Catholic Transcript Magazine of the Roman Catholic Archdiocese of Hartford Connecticut

Sunday, June 24, 2018

20150927cnsnw0731 800A student shows Pope Francis a lesson on the environment during his visit to Our Lady Queen of Angels School in the East Harlem area of New York Sept. 25, 2015. (CNS photo)

BLOOMFIELD – Pope Francis’ encyclical on the environment, “Laudato Si’: On Care for Our Common Home,” was released in May of 2015, and people are still trying to unpack the meaning of this rich document.

Unfortunately, some of the Pope’s most important messages have been skipped over in our natural desire to spring to action, said one expert on the topic right here in the archdiocese.
Kevin Johnson, adjunct professor of philosophy, religion and theology at Sacred Heart University in Fairfield, spoke on March 18 to attendees of “Encountering Creation: A Day of Reflection on Pope Francis’ Call to Care for Our Common Home.”

The half-day event, held at the Archdiocesan Center at St. Thomas Seminary in Bloomfield, was sponsored by the Office of Catholic Social Justice Ministry in collaboration with the Pastoral Department for Small Christian Communities.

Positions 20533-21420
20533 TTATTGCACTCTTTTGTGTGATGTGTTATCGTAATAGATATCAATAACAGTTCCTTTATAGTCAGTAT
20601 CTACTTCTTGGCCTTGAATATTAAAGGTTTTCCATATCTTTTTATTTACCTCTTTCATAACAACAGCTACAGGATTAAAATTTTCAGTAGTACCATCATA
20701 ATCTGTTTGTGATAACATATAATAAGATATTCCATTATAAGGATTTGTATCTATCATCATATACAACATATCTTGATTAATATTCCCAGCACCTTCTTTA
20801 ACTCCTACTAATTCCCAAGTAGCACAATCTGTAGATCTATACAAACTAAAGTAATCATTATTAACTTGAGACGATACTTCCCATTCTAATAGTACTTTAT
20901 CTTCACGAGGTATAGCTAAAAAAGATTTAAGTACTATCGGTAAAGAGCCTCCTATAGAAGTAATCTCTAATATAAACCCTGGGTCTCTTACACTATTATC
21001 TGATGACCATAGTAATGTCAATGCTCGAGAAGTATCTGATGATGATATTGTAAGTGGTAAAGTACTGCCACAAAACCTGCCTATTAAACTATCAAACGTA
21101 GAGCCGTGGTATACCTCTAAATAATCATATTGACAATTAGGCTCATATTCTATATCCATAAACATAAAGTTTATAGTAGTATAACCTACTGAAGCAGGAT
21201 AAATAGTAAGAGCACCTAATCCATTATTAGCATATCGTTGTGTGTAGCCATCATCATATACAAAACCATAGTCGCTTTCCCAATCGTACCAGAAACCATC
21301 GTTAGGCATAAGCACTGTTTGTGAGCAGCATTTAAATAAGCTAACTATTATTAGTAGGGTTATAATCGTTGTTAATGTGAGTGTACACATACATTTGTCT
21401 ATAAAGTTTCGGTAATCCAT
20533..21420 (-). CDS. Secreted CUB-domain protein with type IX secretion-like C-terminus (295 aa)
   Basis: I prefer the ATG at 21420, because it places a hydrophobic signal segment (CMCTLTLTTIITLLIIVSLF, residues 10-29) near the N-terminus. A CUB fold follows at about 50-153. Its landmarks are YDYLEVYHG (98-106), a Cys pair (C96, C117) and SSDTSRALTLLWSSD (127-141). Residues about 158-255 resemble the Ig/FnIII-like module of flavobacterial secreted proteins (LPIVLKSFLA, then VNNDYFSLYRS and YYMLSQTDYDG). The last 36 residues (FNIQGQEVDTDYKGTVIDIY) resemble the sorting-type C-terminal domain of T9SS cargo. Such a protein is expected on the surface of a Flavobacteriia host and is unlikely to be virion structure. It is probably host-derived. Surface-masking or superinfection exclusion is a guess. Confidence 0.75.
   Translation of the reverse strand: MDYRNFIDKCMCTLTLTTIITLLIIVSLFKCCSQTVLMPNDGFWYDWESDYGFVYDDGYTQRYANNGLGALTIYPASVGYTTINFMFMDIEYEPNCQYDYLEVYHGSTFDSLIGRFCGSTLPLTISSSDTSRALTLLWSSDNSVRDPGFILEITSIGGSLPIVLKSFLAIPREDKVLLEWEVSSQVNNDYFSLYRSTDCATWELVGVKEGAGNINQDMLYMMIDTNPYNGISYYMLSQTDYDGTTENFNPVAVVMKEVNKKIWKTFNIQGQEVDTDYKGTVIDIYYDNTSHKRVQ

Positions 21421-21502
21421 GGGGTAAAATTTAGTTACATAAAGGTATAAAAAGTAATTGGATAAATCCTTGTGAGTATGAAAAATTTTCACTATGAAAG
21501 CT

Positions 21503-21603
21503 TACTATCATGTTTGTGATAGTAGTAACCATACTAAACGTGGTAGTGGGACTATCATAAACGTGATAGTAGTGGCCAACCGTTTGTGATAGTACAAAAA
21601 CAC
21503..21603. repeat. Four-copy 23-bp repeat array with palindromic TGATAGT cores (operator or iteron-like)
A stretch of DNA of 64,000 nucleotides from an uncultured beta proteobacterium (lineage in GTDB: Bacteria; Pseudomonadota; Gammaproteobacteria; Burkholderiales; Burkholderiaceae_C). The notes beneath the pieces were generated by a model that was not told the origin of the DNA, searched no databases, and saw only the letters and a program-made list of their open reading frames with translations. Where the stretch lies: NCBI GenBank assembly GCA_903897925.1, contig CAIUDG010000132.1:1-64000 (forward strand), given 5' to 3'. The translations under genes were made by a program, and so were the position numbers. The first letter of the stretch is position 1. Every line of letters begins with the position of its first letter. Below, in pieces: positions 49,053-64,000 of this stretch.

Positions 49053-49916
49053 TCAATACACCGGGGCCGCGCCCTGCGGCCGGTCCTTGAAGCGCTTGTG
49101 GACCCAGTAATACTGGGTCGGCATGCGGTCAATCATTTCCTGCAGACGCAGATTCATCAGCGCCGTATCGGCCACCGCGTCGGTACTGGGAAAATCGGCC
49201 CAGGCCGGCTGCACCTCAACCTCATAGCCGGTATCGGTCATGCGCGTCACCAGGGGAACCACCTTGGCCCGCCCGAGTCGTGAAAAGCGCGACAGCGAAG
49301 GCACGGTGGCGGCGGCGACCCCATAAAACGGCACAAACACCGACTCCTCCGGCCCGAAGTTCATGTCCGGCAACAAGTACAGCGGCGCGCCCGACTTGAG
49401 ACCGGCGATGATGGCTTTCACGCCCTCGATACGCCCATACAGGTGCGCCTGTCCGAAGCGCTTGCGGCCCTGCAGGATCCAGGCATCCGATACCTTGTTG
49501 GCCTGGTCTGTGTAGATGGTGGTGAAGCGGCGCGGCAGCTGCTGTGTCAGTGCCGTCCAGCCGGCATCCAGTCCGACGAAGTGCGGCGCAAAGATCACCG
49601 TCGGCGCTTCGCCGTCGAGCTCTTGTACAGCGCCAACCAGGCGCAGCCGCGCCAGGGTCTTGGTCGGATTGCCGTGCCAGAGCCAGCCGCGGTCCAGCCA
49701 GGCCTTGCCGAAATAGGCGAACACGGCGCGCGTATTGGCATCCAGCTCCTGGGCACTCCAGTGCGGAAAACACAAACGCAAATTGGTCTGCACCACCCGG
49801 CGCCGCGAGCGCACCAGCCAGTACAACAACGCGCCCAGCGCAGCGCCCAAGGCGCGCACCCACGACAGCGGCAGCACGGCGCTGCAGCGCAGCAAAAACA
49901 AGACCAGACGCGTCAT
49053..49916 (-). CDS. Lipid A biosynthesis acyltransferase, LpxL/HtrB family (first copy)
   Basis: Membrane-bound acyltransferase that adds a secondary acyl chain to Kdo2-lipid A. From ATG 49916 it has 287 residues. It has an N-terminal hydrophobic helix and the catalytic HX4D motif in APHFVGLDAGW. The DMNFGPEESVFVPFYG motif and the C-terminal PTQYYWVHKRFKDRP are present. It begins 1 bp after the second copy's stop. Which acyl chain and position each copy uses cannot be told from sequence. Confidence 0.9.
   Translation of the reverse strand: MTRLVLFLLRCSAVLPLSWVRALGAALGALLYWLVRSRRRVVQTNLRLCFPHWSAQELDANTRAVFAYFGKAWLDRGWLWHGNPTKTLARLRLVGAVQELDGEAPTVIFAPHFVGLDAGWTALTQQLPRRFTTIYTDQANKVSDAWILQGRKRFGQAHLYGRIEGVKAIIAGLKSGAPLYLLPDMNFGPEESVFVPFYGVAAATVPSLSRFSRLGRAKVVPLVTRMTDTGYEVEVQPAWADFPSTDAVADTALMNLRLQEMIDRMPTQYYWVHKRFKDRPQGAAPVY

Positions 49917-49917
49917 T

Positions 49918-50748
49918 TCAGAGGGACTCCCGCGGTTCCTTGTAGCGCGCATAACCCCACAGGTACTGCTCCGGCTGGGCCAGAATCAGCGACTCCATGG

Johnson put his focus on the encyclical’s most perplexing chapter — chapter 3, “The Human Roots of the Ecological Crisis.” “This is directly in the center of the encyclical, so it’s the meat Pope Francis is leading us to,” he said.

“We all want to run, including myself, to ‘things to do,’” Johnson admitted. Yet Pope Francis is asking us to pause, he said, for a moment to recognize that “there’s a deeper problem.”

Johnson highlighted key points in chapter 3 that shed light on the way we approach the environment today:

• Technocratic paradigm.

In the encyclical, Pope Francis marvels at what science and technology have brought us, from skyscrapers to modern medicine, Johnson said. But, at the same time, he expresses concern over how we have allowed science and technology to limit our vision.